According to the Texas Penal Code Sec. 6.03. (d), “A person acts with criminal negligence, or is criminally negligent, with respect to circumstances surrounding his conduct or the result of his conduct when he ought to be aware of a substantial and unjustifiable risk that the circumstances exist or the result will occur. The risk must be of such a nature and degree that the failure to perceive it constitutes a gross deviation from the standard of care that an ordinary person would exercise under all the circumstances as viewed from the actor’s standpoint.’
For example, driving when extremely intoxicated, well aware of the dangers of causing a fatal road accident.
The risk, in a case of criminal negligence should be of a kind that any ordinary person must be aware of. In the above example, everyone knows that drinking alcohol impairs judgment, reasoning, motor skills, response time and vision. Therefore, the chances of causing a fatal car crash when driving under the influence are exceptionally high.
Criminal negligence covers acts of culpability in crime through negligent acts, omissions, or wrongful possessions. Here wrongful possession refers to voluntarily possessing something in full knowledge that it can result in negative consequences. For example, stockpiling highly flammable chemicals in a residential home, without training in their proper handling or special storage facilities.
The common thread in cases of criminal negligence is that the crime could have been avoided if the defendant exercised common sense.
Criminal negligence and civil negligence: What is the difference?
You’ve probably heard of civil negligence and may confuse it with criminal negligence. These charges are not the same thing. What differentiates them is the level of negligence.
In civil negligence, the acts of negligence referred to in this case, are not intentional. On the other hand, the careless conduct that results in a ruling of criminal negligence results from a disregard of normal behavior. Whereby the defendant does something that he or she is aware will result in dangerous consequences. Hence the reference to ‘gross deviation’ from normal behavior also referred to as reasonable care in the definition of criminal negligence.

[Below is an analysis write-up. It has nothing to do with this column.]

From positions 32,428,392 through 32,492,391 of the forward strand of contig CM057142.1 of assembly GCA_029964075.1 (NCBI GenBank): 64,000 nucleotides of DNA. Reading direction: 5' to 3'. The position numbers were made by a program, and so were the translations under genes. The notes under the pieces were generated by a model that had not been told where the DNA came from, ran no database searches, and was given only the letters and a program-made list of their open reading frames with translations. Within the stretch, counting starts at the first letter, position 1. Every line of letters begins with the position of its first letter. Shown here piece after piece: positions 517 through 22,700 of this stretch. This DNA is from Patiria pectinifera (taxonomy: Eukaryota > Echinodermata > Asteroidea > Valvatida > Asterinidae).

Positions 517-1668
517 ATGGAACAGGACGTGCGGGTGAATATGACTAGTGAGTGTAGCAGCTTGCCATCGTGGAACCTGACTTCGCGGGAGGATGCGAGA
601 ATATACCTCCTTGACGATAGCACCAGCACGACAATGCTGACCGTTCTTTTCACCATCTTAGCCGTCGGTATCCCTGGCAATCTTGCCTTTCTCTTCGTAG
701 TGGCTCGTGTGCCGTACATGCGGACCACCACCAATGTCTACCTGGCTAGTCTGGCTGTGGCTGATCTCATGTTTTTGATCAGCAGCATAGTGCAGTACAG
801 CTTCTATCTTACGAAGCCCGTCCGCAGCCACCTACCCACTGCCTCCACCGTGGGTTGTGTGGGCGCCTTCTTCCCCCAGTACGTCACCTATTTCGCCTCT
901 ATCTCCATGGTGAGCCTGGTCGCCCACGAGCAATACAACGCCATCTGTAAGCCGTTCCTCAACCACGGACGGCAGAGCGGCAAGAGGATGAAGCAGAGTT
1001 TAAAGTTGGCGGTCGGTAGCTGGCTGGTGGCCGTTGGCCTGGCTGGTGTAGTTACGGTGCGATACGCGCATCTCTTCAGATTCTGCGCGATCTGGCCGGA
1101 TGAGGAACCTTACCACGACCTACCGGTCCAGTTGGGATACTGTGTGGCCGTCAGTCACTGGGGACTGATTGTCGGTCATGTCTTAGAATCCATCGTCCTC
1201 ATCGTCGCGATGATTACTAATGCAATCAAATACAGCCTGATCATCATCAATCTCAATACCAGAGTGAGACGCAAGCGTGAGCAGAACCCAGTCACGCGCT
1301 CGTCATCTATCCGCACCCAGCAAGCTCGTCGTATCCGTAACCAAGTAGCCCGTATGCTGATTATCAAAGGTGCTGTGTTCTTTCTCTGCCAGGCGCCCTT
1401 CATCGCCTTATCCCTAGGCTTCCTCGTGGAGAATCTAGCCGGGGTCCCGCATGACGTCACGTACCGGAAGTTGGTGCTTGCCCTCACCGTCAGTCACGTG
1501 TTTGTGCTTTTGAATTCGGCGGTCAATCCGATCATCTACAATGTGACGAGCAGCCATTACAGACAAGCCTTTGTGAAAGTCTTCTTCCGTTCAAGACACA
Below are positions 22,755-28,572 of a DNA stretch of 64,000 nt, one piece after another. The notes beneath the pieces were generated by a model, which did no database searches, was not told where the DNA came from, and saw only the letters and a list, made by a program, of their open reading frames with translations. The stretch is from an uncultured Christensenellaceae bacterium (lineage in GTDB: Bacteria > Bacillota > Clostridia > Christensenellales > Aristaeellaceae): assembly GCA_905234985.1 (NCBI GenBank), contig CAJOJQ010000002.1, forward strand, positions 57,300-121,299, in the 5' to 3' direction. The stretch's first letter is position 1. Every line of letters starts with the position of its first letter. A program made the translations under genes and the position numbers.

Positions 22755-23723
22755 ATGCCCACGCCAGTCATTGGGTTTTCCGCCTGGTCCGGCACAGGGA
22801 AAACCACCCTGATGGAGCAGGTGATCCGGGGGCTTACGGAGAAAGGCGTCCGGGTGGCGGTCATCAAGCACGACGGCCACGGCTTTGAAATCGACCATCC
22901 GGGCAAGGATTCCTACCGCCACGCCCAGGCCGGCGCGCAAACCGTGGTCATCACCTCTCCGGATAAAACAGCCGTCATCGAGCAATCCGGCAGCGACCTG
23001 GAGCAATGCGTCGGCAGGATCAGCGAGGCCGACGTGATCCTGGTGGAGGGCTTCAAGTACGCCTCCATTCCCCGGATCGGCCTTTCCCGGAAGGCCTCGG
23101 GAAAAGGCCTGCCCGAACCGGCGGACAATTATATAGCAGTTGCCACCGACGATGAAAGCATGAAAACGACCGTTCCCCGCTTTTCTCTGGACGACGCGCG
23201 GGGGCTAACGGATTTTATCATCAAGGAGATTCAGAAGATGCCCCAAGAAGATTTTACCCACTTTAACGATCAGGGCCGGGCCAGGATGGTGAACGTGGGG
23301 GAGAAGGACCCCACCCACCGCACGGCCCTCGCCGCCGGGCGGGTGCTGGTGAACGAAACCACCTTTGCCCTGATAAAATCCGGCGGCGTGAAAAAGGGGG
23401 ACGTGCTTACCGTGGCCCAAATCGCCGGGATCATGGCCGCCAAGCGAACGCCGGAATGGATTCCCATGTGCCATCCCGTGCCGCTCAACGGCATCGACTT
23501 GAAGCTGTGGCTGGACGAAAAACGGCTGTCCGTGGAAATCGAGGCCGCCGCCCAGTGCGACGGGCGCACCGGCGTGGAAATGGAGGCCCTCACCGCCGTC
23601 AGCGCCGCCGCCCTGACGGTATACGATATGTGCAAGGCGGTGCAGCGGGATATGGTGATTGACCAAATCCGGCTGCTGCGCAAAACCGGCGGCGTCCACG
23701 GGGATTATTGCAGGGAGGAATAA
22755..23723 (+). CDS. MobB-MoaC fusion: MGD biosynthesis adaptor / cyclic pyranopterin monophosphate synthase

Proving mens rea in a criminal negligence case
To decide whether a defendant has committed criminal or civil negligence, a defendant’s intention (mens rea) when committing the crime is scrutinized. The following four pointers are looked at concerning the crime committed;
- Intentional behavior – Did the defendant intentionally act recklessly, fully aware of the possible negative consequences of his actions?
- Knowing – Did the defendant know the act was wrong and was he or she aware of the possible hazardous consequences?
- Reckless – Were the actions of the defendant unjustifiably risky?
- Criminal negligence – Did the actions of the defendant grossly deviate from normal behavior?
Using precedence to prove liability in a criminal negligence case
It’s easy to prove the knowing and intentional behavior part of a defendant’s actions in a criminal case. For example, if you shoot someone and they die, you cannot argue that you did not realize your actions would lead to death.
However, proving recklessness and criminal negligence is not so easy.
In Robert Alan Queeman V. State of Texas case, Mr. Queeman was convicted for failing to prevent his van from colliding with another and causing the death of the other driver.
To prove criminal negligence in the Queeman v. State, counsel needed to prove the following;
- The defendant’s gross deviation from normal behavior e.g., Did Queeman fail to maintain a safe distance and speed in the accident, thereby neglecting his duty to prevent it?
- Was he to blame for causing the problem or failing to foresee it through criminal risk-creating behavior that was hugely unjustifiable? Did his actions directly result in the crime? e.g., By speeding or driving under the influence.
- Was he to blame in conduct for causing the crime e.g., Was the defendant aware of the risks of speeding while not paying attention to his surroundings?
How to beat a criminal negligence charge?
As you can see from the example above of the Queeman V. State cases, criminal negligence cases are complex. You need an excellent attorney to beat a criminal negligence charge. Your lawyer must be able to prove that;
- You’ve similarly conducted yourself before with no negative results hence you were unaware of the risks
- Your victim could have met the same end regardless of any change in your actions. Therefore, the crime could not have been avoided even in different circumstances
One thing is for sure, criminal negligence is a serious crime. If you are facing a charge of criminal negligence, the sooner you get counsel, the better. Contact a criminal negligence Texas lawyer today, for assistance with your case.